Prospect of the Evolutionary Theory: Empirical Issues

An important virtue of orthodox theory is that it offers a relatively definite idea of what it is that firms do: they maximize profits, sub-ject to constraints. In practice, of course, the great diversity of the problems that can be cast into this framework, as well as the con­ flicting predictions that the resulting models yield about the same observables, largely undercuts any claim that orthodox theory has specific empirical content regarding firm behavior. Nevertheless, orthodox theory does impose a definite discipline on the character of formal models. It may well be impossible for a real firm to behave in ways that cannot be represented by some suitably elaborated ortho­ dox model, but it is certainly possible for a paper submitted to a journal to be judged unsound by orthodox referees because it does not model fi rm behavior “properly.” And this modeling discipline is a valuable one, at least in the sense that it perpetuates the intellectual routines of the orthodox theoretical enterprise.

In  evolutionary theory,  the ultimate  discipline  on  the representation of firm behavior is considered to be empirical.  Notions that firms pursue profits,  that they satisfice, that they follow relatively simple rules, that they expand when p rofitable, and so on are all appropriate grist for the evolutionary theorist’s  mill,  but  only  be­ cause (and to the extent that) they are plausible as empirical general­ izations. This viewpoint gives the study of firm behavior per se a very different status in evolutionary theory from the one that it has in orthodoxy. The more we can learn about the way in which firms actually behave, the more we will be able to understand the laws of evolutionary  development  governing  larger  systems  that  involve many  interacting  firms  in  particular  selection  environments.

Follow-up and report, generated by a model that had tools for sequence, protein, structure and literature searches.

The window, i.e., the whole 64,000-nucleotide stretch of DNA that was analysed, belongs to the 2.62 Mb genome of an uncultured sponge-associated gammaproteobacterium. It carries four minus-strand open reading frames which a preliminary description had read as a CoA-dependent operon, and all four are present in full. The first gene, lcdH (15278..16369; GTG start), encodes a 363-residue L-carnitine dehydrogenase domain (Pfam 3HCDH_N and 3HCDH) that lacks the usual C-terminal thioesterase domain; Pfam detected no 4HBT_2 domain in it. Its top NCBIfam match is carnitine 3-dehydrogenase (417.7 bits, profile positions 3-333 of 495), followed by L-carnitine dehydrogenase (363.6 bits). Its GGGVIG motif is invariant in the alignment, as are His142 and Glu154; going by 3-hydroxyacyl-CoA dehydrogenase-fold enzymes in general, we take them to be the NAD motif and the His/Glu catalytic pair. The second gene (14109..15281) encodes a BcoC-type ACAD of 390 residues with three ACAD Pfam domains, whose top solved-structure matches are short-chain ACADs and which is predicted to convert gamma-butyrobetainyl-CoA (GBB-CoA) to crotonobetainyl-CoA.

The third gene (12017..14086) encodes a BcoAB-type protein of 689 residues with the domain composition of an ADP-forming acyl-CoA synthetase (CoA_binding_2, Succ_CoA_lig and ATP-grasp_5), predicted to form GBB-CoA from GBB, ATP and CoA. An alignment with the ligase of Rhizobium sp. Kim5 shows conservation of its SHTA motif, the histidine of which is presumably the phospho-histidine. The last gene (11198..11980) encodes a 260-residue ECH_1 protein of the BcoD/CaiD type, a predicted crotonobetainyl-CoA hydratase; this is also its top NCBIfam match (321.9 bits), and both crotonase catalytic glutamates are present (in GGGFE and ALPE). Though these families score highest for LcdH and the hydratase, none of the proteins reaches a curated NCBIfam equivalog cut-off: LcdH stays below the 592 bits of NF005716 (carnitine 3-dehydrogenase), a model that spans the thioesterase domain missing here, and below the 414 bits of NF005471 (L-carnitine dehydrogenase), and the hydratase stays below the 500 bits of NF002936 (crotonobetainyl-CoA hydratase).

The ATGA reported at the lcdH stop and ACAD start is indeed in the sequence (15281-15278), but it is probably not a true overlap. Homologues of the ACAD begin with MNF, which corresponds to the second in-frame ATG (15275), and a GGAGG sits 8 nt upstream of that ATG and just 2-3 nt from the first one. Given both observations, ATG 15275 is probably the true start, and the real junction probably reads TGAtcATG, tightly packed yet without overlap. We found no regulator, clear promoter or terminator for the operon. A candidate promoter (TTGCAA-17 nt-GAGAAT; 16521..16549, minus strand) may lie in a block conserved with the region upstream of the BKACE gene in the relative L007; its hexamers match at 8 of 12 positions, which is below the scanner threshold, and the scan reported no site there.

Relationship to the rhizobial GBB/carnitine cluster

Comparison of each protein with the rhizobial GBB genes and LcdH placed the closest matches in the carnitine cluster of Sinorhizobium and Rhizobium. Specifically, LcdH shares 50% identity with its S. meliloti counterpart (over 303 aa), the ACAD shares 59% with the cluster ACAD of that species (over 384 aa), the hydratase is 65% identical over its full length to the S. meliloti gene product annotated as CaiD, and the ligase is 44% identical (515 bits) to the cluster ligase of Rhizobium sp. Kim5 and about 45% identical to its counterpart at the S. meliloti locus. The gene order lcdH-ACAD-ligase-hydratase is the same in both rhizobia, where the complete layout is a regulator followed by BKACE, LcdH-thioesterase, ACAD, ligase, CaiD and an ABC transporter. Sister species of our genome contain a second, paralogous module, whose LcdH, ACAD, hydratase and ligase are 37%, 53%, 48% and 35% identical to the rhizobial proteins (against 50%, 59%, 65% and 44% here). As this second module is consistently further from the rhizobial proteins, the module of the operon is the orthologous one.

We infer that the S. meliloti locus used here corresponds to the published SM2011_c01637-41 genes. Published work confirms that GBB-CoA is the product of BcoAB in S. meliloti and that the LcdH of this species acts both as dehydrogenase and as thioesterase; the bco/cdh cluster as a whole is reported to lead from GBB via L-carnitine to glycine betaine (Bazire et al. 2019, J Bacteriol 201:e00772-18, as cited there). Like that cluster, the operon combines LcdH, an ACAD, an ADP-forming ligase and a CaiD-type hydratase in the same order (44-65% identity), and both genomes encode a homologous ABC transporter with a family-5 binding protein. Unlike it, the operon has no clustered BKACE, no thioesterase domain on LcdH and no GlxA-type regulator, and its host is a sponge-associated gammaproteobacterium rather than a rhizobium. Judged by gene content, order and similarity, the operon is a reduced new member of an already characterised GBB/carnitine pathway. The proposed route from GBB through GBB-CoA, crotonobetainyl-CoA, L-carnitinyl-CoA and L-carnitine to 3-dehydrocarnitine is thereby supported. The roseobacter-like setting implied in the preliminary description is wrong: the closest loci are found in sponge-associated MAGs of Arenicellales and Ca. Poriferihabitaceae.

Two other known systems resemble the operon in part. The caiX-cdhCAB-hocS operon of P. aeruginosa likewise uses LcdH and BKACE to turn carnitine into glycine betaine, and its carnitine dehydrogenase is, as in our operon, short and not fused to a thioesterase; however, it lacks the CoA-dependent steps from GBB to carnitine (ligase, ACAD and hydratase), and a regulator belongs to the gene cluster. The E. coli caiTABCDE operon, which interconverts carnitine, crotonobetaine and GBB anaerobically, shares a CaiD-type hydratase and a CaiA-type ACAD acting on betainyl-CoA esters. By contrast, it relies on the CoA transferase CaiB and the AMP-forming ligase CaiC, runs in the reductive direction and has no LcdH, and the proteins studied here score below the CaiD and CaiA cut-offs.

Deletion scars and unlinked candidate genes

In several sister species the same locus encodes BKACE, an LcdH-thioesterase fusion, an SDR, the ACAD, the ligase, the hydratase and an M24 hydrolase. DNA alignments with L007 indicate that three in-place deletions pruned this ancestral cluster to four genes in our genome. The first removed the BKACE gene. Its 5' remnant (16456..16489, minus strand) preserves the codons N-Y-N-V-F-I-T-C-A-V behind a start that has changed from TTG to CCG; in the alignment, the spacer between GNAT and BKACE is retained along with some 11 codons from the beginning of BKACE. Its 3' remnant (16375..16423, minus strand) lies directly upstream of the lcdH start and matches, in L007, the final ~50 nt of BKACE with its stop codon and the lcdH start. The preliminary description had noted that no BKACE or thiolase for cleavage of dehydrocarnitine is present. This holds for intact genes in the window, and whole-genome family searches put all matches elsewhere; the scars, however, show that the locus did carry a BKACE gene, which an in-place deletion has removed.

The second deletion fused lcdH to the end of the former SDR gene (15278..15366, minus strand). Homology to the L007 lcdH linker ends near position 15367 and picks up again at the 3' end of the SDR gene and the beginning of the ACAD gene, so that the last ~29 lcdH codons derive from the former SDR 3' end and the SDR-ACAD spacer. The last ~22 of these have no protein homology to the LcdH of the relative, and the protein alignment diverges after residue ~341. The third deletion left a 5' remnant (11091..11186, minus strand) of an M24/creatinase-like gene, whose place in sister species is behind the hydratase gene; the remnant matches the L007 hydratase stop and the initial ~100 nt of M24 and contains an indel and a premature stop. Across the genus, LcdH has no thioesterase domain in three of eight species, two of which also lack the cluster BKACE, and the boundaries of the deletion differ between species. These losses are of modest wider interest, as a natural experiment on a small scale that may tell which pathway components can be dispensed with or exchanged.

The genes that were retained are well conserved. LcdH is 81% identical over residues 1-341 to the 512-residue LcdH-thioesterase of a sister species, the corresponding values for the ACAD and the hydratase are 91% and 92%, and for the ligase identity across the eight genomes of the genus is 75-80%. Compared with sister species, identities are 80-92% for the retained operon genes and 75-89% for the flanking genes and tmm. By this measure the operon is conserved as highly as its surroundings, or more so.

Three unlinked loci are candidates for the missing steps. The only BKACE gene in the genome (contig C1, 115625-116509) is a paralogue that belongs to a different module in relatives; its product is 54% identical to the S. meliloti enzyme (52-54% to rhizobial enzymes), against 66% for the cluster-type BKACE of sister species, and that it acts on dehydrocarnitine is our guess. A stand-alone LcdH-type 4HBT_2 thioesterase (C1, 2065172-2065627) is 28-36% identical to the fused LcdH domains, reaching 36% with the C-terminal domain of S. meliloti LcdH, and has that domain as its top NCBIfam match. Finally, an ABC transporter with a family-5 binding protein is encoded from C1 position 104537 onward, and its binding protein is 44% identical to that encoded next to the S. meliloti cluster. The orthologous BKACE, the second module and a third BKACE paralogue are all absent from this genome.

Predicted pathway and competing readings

In particular, the routines actually employed by business firms present a broad fi eld of inqui ry from which, ideally, evolutionary theorizing would draw the needed empirical discipline. The issues involved are as diverse as our use of the term “routine” is flexible, and the viable approaches to the topic are correspondingly nu­ merous.  The  markup  pricing  study  of Cyert,  March,  and  Moore (Cyert and March, 1963 , Ch. 7) is a classic of one sort of work: the de­tailed examination and simulation by a computer program of a par­ ticular decision rule in a particular firm. Pricing behavior has been examined with a v ariety of other methodologies; in fact, research on pricing accounts for a major segment of the e mpirical critique of the o rthodox representation of firm behavior.6 Unfortunately, the ab­ sence of an appropriate theoretical structure to guide the research and build upon its results has limited its usefulness. Evolutionary theory provides the needed structure, and the earlier work on pricing deserves reexamination and extension.